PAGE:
There about 150 such songs. Almost exactly half came between 1964 and 1969, while the other half came between 1970 and 1986. The year 1964 had the most, with 17, just nosing out 1965 with 16; the fewest came in 1982 and 1986, with only one each. Ten artists have two songs on the list; everybody else has just one. Some of the songs are quite famous despite their relatively low placing on the Hot 100; others have been completely forgotten.

Rather than going through the list in chronological order, we’ll jump around. Let’s start with some of the most famous acts in history.

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Gotta Get Away Gotta Get Away

(Pictured: the Spinners on The Midnight Special, circa 1975.)

I was in the car the other day, and on the run. On the run from work I don’t want to do,  from decisions I don’t know how to make, from the clutter in my office, from my stupid face in the mirror. Casey Kasem and I hit the road for the last part of the AT40 show from October 25, 1975.

There were some solid songs in the second half of the show: “S.O.S.,” “Low Rider,” “Lady Blue,” “It Only Takes a Minute,” “Ballroom Blitz,” “Who Loves You.” Casey busted out some good trivia: Chicago has the most Top-10 hits without reaching #1, and Elton John’s “Island Girl” (which jumped from #36 to #8) is his 13th Top-10, moving him ahead of the Carpenters for the most Top 10s in the 70s. He noted Linda Ronstadt’s double-sided hit at #12 and played “Love Is a Rose” instead of “Heat Wave” (which showed up as an optional extra later in the hour), and he reminded us that the Ritchie Family’s “Brazil” is a remake of the 1943 Xavier Cugat hit. For the second time this week, he mentioned his work outside of AT40, plugging the made-for-TV movie The Night That Panicked America, scheduled for Halloween night, in which he had a small role.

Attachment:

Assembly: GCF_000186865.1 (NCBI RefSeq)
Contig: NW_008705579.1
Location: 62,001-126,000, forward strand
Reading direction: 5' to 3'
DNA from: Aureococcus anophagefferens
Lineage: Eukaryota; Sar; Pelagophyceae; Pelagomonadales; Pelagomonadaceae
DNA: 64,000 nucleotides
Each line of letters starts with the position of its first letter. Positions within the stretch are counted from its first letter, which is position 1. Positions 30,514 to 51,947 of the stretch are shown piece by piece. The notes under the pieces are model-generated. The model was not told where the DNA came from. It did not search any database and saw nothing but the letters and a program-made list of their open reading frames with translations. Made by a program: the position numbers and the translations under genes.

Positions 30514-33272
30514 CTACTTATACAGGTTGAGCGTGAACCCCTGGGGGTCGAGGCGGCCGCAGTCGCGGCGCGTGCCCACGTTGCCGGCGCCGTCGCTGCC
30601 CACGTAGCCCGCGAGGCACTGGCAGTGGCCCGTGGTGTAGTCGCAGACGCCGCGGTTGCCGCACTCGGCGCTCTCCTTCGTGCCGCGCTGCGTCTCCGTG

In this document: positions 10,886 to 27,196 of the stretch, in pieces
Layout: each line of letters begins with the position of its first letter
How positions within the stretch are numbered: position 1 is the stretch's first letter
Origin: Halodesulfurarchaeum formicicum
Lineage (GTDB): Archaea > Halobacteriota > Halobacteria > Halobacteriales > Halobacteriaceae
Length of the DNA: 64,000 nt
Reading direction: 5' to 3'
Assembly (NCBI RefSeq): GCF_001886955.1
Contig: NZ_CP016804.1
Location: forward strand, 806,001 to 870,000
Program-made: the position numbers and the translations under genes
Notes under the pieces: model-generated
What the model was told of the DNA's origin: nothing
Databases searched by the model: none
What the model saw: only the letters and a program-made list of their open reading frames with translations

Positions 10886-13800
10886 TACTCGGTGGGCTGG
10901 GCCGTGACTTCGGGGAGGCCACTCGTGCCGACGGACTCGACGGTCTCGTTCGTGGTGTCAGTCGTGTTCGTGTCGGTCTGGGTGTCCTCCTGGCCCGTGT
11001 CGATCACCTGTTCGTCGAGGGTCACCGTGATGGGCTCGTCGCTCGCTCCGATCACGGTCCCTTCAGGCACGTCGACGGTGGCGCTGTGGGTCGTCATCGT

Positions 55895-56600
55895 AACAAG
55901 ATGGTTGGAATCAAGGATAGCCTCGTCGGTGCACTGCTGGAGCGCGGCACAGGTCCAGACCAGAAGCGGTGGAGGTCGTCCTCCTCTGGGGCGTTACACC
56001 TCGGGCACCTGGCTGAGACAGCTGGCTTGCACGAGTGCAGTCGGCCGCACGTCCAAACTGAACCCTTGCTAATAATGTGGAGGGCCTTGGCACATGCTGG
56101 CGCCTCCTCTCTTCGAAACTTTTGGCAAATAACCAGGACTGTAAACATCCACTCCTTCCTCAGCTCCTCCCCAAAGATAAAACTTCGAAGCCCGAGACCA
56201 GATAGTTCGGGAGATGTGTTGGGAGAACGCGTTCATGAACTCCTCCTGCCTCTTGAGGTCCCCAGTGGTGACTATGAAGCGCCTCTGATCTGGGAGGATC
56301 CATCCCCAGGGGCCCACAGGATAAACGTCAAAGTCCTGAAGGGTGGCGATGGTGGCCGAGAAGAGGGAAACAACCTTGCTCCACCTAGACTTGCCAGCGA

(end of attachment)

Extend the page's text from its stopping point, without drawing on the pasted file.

All very interesting, yes. Enough to dispel the gloom, no.

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More #13s

(Pictured: ABBA on The Midnight Special, deep in the 70s.)

Here’s the second part of my completely arbitrary and therefore highly debatable list of the best #13 hits of the Hot 100 era, the first part of which appeared on Friday the 13th.

1972: Rod Stewart’s “You Wear It Well” is the pick by by the thinnest of margins over “Roundabout” by Yes and “Anticipation” by Carly Simon.

1973: Only two songs peaked at #13 in this year. I’m going with King Harvest’s “Dancing in the Moonlight” over Pink Floyd’s “Money” because of course I am.

1974: Here I’m going off the board again, ignoring Golden Earring’s “Radar Love” and “Skin Tight” by the Ohio Players in favor of the Pointer Sisters’ “Fairytale.” That’s one you’re gonna want to click if you’ve never heard it.

1975: In yet another close call, I’ll take Al Green’s “L-O-V-E (Love)” over Chicago’s “Harry Truman.”

1976: “Fernando” by ABBA gets the call here, as much for the associations I have with the song as for the song itself, but you should be used to that line of thinking by now.